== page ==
Have you ever arrived to a ride a few minutes later than you wanted and just jumped on your bike and rolled off with the group? Do you remember how you felt? I'd wager that you were probably feeling stiff, awkward and it took you a long time to actually warmup to where you were comfortable and powerful on the bike.
Knowing the consequences of “rolling cold” why do coaches and friends alike have to constantly remind each other to warm up before we ride? We all know better, and we shouldn't have to be asked the question “why should we warm up before we race (or even ride).”
It's staggering how often I hear this, and it amazes me that people still haven't accepted that they need to warm up before they hit the road in order to have a good performance. Even more amazing is the number of people who are under warming up, or not warming up to match the effort they are preparing for.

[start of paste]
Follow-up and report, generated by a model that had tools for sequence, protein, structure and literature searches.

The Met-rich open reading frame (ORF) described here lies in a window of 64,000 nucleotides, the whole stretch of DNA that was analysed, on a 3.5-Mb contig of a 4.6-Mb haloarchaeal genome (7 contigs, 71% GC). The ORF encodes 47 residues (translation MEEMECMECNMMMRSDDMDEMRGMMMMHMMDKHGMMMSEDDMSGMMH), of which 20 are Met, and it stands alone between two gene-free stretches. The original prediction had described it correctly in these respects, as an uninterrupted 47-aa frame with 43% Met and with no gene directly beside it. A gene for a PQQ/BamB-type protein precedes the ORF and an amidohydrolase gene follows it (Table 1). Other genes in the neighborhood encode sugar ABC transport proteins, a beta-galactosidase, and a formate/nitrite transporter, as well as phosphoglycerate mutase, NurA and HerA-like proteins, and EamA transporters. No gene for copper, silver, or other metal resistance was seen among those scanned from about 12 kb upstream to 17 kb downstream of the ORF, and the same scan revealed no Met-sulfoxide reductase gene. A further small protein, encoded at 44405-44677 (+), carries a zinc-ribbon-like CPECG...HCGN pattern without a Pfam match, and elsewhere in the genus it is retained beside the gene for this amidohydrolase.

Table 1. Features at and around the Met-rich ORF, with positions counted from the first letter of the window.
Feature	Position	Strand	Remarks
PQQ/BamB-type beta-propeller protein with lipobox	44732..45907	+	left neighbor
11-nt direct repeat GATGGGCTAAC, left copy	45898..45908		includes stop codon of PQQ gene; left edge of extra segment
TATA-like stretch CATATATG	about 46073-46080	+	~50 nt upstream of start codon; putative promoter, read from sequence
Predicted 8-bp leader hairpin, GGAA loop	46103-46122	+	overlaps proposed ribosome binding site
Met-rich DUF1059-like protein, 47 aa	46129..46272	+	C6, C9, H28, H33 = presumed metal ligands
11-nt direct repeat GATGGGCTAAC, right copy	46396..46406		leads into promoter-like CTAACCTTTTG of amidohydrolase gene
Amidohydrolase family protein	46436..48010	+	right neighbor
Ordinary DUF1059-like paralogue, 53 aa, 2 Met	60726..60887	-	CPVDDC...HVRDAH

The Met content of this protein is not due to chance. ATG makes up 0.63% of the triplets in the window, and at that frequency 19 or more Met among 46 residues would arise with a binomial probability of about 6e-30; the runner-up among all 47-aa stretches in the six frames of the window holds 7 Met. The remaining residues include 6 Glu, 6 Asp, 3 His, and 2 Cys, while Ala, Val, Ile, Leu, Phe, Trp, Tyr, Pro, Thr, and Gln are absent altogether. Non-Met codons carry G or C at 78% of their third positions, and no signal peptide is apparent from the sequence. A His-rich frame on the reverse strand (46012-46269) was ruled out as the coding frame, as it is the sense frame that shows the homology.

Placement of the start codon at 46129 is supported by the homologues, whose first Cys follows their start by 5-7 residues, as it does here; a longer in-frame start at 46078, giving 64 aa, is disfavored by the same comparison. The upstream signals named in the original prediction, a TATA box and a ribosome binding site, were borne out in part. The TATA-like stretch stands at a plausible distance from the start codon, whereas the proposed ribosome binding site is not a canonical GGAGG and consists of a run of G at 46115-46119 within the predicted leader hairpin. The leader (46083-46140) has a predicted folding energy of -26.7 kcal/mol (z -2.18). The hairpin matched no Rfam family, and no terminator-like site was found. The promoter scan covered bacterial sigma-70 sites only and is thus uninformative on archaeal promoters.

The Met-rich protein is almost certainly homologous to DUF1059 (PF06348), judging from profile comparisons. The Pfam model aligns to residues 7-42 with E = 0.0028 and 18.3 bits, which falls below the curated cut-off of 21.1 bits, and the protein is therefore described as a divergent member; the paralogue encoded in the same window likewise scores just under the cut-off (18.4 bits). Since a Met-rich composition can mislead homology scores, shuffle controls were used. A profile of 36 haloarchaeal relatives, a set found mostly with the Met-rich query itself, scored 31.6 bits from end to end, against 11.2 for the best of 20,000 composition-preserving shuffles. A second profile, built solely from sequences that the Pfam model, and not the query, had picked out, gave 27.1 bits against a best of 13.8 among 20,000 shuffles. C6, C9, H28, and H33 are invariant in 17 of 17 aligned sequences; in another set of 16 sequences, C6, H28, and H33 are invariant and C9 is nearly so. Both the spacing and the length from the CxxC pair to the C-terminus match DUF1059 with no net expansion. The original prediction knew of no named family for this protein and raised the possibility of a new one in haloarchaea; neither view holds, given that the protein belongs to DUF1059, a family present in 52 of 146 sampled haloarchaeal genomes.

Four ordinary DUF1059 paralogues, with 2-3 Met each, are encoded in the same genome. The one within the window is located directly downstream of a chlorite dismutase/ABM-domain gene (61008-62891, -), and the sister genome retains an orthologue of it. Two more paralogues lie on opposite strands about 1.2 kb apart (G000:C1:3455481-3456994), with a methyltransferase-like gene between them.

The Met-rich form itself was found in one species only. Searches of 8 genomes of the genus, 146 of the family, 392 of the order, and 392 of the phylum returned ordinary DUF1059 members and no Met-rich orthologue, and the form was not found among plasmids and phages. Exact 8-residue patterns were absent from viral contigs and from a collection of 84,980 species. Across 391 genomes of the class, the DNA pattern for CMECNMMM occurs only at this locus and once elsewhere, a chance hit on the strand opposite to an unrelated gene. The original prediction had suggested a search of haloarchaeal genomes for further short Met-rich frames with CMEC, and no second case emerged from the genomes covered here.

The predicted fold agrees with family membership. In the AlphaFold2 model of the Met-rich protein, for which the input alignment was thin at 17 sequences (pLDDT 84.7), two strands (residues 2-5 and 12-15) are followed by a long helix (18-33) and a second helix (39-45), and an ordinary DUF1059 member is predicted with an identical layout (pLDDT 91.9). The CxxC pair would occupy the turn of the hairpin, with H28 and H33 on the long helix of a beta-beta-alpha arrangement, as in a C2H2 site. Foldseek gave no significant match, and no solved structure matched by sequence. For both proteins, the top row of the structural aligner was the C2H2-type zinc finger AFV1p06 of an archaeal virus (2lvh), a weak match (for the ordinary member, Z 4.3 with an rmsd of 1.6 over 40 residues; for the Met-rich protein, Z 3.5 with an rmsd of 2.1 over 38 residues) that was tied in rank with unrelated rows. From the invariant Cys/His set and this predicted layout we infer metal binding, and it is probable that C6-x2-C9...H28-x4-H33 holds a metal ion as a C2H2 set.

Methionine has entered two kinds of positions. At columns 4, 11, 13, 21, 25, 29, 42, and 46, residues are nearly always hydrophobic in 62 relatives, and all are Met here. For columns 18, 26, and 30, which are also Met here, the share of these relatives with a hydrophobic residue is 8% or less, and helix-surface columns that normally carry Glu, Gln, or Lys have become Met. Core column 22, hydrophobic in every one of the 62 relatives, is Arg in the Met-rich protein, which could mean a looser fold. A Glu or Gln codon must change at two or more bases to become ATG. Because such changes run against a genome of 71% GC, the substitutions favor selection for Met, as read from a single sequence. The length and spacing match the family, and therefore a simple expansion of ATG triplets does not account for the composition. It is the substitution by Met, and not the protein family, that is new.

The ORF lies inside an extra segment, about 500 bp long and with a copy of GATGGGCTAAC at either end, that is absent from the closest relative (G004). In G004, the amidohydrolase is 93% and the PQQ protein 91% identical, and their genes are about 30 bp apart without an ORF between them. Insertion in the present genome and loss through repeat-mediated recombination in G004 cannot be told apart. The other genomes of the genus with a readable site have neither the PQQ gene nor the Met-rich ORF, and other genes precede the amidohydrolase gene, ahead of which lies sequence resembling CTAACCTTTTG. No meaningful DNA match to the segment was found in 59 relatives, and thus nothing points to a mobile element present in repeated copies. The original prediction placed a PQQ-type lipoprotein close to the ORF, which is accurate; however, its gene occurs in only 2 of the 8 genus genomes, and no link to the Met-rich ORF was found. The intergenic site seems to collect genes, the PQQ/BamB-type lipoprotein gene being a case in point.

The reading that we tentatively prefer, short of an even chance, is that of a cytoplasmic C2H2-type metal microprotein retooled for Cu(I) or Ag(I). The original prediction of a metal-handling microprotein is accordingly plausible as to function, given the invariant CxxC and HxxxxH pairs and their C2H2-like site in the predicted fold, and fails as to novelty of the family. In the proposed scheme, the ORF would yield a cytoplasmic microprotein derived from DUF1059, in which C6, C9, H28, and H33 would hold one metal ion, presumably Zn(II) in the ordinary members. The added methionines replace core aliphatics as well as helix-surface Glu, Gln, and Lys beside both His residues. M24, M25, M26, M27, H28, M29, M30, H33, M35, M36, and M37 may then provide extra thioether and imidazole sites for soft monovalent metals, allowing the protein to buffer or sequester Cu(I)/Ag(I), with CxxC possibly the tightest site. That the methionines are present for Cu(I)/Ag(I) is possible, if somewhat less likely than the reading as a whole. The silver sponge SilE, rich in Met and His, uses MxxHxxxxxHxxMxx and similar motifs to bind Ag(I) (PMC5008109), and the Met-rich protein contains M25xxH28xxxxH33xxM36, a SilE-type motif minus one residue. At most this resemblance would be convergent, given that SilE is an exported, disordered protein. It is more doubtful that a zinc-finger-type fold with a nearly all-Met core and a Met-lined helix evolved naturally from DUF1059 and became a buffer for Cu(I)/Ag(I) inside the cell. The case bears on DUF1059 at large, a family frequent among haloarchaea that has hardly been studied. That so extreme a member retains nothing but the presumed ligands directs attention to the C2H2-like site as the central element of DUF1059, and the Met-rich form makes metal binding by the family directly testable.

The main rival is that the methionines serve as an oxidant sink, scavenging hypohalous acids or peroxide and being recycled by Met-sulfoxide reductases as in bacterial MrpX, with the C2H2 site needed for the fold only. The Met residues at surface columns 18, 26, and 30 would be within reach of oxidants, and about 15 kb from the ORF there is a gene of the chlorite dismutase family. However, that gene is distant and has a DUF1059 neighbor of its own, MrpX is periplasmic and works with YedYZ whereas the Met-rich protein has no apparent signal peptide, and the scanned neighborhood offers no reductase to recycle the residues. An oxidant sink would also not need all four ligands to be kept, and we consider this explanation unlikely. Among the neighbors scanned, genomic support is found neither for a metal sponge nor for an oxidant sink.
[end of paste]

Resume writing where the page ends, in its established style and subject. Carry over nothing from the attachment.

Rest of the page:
It's time to put a stop to this; we'll explore why we warm up, what it does for our body and then see an example warm up workout.
To put it simply, the purpose of warming up is to prepare our bodies for the effort we are asking it to put forth in out event. We want to raise our heart rate, body temperature and increase the blood flow to the active muscles. By increasing blood flow, body temperature and heart rate, elasticity of the muscles is improved, leading to decreased chance of injury and increased contractility. Joint capsules benefit too, through improved elasticity and increased circulation of joint fluid which decreases friction and increased mobility.
During the warm up, oxygen uptake kinetics are accelerated and anaerobic metabolism is peaked, leading to an increase in performance. Additionally, a properly conducted warm up will stimulate neuromuscular pathways and will prime the body to perform these actions under a high force load. This is perhaps one of the most important aspects to note: improper neuromuscular activation can lead to the potential for injury as cold, “uncoordinated” muscles are tasked with high force work.
Taking all of the above into account, we should ideally start with a neuromuscular warm-up, but how do we accomplish that?
The way that I determine warm up time is the shorter the event, the longer and more intense the warm up.
Group Ride Warmup